How To Become a Lawyer
What Does a Lawyer Do?
Steps to Become a Lawyer
- Complete a Bachelor’s Degree Program
To apply to law school, you must hold a bachelor’s degree from an accredited four-year college or university. Your area of study does not have to be in any particular major; students who are successful in law school come from various educational backgrounds, including history, political science, philosophy and education.
- Take the LSAT or GRE
Completing the Law School Admission Test (LSAT) is a core requirement for getting into law school — here’s our study guide to help you prepare for the LSAT. Some law programs will allow you the flexibility to choose between taking the LSAT or the Graduate Record Examinations (GRE). The results of your exam are used by admissions officers as an objective measure for assessing if you are a good fit for the university.
To learn more about the GRE vs. LSAT, visit our “GRE for Law School” page.
- Find a Law School
Next, you will want to find and apply for law schools. There is a lot to consider when choosing a law school, including location, student-to-faculty ratio, faculty and school reputation. No matter which school you choose, you will want to make sure that it is accredited by the American Bar Association (ABA), meaning the school has been vetted by a panel of experienced lawyers to ensure it provides a high-quality legal education. In many states, if you do not attend an ABA-accredited school, you cannot take the bar exam.
- Earn a Juris Doctor Degree From an ABA-Accredited School
Once you apply and have been admitted to law school, you will work toward earning a Juris Doctor (J.D.) degree. Your experience will vary depending on where you attend school. Currently, there are more than 200 ABA-accredited law schools, most of which offer programs on campus, as well as a select few ABA-accredited law schools that allow students the flexibility to earn their J.D. degree online.
The Online Hybrid J.D. program at the University of Dayton is the third ABA-approved online hybrid degree program in the nation. The program prepares students to sit for the bar exam and pursue a career upholding the rule of law.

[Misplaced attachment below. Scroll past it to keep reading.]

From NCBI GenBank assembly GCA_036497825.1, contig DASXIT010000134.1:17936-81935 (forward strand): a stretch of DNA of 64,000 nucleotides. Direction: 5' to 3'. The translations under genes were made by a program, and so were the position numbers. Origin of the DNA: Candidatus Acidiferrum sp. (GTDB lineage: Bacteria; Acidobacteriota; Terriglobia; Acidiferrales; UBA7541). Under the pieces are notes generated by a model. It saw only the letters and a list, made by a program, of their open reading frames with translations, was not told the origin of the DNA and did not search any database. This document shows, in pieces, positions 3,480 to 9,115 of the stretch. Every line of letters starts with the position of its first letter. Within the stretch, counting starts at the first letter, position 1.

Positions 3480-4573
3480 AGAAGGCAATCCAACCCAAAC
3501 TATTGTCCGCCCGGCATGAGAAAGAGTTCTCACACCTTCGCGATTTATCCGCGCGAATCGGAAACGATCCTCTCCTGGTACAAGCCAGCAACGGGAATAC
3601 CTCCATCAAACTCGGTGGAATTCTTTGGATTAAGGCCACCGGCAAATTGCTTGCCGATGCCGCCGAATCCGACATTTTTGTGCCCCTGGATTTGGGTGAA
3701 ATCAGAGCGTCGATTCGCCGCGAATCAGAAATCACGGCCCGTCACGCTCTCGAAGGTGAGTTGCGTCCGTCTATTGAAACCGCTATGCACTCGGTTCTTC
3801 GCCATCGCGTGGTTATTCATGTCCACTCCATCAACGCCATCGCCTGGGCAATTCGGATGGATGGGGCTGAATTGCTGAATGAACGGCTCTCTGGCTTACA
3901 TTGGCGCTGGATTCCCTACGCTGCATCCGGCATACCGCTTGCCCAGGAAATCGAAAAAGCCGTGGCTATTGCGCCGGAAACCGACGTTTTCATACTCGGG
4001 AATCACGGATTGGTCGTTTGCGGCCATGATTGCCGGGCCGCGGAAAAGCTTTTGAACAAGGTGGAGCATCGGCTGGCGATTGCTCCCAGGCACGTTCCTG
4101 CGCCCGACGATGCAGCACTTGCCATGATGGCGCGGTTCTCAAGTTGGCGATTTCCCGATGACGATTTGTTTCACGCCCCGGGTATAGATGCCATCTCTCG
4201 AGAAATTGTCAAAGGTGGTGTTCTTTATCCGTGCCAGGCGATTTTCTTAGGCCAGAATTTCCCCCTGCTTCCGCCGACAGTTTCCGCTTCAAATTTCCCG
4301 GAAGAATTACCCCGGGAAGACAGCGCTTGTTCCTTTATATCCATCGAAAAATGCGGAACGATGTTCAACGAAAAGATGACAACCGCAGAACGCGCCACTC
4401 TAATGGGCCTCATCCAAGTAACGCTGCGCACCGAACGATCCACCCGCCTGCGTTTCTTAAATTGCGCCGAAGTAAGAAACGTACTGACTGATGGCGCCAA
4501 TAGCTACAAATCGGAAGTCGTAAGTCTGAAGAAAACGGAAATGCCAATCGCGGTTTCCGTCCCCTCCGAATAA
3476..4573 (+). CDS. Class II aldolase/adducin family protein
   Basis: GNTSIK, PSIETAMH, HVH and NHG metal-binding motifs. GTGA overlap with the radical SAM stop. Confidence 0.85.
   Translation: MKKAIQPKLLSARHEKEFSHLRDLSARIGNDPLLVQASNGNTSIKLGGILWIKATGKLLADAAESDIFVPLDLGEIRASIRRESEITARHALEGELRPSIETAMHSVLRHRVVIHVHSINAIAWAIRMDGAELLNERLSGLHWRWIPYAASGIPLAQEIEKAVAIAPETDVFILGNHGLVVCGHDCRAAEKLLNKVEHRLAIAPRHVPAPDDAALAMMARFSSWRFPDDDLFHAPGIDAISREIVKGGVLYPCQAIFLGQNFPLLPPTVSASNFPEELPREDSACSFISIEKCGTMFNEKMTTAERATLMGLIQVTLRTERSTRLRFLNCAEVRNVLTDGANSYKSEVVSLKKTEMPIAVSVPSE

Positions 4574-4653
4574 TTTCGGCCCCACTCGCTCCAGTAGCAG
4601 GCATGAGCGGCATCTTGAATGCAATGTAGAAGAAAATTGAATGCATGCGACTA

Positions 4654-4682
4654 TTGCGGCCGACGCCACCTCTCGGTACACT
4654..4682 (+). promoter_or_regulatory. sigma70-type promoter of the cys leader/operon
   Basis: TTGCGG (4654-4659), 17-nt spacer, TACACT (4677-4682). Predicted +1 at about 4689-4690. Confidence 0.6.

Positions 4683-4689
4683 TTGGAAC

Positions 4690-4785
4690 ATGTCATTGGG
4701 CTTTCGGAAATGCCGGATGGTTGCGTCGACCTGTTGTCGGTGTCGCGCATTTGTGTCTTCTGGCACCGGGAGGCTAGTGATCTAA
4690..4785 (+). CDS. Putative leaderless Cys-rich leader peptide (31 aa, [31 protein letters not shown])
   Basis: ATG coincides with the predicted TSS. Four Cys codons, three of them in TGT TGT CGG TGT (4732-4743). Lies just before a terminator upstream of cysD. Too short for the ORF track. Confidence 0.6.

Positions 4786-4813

- Pass the Bar Examination
While the requirements to take the bar exam vary by state, most states require students to graduate from an ABA-accredited law school to sit for the exam. The exam is usually a two-day process, covering various legal matters, and comprises a variety of question types, including essays. In most states, once you pass the bar exam, you are officially qualified to practice law.
Skills Needed to Become a Lawyer
- Problem-solving and critical reading
- Writing, editing and researching
- Oral communication and listening
- Public service and promotion of justice
- Relationship-building and collaboration
Job Opportunities for Lawyers
Common Types of Attorneys
- Defense Attorneys – represent and defend the accused in a court of law
- Corporate Counsel – work for corporations, advising business executives on legal issues
- Environmental Lawyers – may work with advocacy groups or government agencies to advise on issues and regulations related to the environment
- Tax Lawyers – help navigate complex tax regulations on income, profit and property for individuals and businesses
- Intellectual Property Lawyers – deal with law related to patents, trademarks, inventions and creative works such as music, books and movies
- Family Lawyers – advise clients in a variety of legal family matters, including adoption, child custody and divorce